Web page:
B. Leave to Amend

Federal Rule of Civil Procedure 15(a)(2) allows a party to amend its pleading after twenty-one days of serving it "only with the opposing party's written consent or the court's leave." Rule 15(a) instructs that courts "should freely give leave when justice so requires." Fed. R. Civ. P. 15(a)(2). However, "a district court need not grant leave to amend where the amendment: (1) prejudices the opposing party; (2) is sought in bad faith; (3) produces an undue delay in litigation; or (4) is futile." AmerisourceBergen Corp. v. Dialysist West, Inc., 465 F.3d 946, 951 (9th Cir. 2006).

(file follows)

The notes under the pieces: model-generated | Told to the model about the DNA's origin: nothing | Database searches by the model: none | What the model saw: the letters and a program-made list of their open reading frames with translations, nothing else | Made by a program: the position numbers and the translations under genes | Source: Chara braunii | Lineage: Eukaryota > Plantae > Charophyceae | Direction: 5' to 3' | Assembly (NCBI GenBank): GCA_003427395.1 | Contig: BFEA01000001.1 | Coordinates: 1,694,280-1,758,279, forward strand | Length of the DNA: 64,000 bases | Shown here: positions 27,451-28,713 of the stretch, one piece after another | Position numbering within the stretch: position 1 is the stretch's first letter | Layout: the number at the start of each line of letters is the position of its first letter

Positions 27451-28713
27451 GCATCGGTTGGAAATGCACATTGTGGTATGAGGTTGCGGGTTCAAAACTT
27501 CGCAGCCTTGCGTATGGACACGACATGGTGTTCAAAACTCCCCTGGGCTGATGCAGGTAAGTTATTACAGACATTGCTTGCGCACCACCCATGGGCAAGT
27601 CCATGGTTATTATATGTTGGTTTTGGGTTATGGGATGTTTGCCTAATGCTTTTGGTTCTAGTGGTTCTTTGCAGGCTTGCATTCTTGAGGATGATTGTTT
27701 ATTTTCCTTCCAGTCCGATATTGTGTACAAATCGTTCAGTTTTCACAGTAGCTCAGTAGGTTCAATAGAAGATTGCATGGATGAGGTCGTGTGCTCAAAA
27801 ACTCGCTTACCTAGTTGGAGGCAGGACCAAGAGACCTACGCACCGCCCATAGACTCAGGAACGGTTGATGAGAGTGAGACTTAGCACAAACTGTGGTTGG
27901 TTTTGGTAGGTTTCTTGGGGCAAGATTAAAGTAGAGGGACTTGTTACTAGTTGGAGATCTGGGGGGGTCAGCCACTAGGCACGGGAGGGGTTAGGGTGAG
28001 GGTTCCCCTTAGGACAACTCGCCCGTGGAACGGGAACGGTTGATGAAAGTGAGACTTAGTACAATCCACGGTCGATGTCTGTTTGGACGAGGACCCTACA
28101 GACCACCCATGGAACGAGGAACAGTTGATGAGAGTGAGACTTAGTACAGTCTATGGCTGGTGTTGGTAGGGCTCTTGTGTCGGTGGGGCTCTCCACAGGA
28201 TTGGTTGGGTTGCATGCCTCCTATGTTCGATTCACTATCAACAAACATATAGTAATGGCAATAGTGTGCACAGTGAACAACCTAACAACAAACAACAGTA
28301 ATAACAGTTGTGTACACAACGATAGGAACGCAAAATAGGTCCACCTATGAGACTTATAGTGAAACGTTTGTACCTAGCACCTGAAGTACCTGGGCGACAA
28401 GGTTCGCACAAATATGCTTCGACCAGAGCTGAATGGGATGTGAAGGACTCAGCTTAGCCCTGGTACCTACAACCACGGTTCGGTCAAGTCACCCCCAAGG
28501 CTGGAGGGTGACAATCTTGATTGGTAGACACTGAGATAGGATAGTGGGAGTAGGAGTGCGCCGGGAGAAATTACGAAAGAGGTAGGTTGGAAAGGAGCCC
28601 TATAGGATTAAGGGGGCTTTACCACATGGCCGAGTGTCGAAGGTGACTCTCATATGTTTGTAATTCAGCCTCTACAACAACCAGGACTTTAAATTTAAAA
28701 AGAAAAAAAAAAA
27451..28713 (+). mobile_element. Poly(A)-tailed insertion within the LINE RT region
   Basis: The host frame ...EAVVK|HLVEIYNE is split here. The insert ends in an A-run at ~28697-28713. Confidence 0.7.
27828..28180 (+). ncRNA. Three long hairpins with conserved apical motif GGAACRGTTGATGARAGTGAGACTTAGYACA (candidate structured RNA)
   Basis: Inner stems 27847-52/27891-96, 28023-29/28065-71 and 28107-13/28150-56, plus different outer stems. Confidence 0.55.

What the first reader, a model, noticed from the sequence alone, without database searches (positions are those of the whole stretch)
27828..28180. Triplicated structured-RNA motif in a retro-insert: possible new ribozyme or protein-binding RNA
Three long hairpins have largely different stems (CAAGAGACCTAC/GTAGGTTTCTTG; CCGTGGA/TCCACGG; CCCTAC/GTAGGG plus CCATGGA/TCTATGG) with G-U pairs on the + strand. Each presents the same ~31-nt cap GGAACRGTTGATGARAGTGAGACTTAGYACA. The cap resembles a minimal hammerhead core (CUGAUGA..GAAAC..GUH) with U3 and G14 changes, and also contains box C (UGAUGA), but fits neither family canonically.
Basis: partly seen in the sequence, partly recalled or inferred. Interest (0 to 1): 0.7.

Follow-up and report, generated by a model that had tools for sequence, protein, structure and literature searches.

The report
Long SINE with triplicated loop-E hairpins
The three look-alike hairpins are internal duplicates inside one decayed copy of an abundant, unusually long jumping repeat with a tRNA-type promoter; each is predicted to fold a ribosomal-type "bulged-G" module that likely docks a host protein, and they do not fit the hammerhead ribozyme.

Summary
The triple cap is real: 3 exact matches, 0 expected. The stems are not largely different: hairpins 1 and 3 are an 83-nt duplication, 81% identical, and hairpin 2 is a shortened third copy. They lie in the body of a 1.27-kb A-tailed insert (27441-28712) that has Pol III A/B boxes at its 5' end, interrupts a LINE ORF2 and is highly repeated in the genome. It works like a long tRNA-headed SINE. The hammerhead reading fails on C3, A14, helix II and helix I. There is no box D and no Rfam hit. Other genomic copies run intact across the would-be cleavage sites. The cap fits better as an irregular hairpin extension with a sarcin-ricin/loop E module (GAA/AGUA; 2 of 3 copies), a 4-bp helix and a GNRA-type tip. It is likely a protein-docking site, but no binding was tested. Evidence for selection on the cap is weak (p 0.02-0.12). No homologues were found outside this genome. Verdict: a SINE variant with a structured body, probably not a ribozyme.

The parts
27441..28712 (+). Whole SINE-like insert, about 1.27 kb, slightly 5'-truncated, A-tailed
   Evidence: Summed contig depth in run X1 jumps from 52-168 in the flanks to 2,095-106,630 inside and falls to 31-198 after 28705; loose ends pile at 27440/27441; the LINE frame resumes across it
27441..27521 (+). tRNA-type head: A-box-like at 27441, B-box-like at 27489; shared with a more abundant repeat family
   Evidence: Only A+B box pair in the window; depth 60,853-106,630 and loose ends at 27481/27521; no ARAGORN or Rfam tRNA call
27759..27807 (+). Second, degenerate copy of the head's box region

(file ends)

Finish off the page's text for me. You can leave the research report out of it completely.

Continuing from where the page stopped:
III. DISCUSSION

A. Defendants' Motion for Summary Judgment

Defendants argue that they are entitled to summary judgment because Plaintiffs fail to demonstrate all the necessary elements of fraud. Defendants further argue that Plaintiffs' claim regarding Defendants' alleged violation of NRS 107.080 should be denied because Deutsche Bank was the lawful beneficiary of the Deed and holder of the Note at the time the foreclosure notice was recorded. However, Plaintiffs argue that New Century no longer had an ownership interest in Plaintiffs' loan at the time Wells Fargo assigned the mortgage to Deutsche Bank.

1. Fraud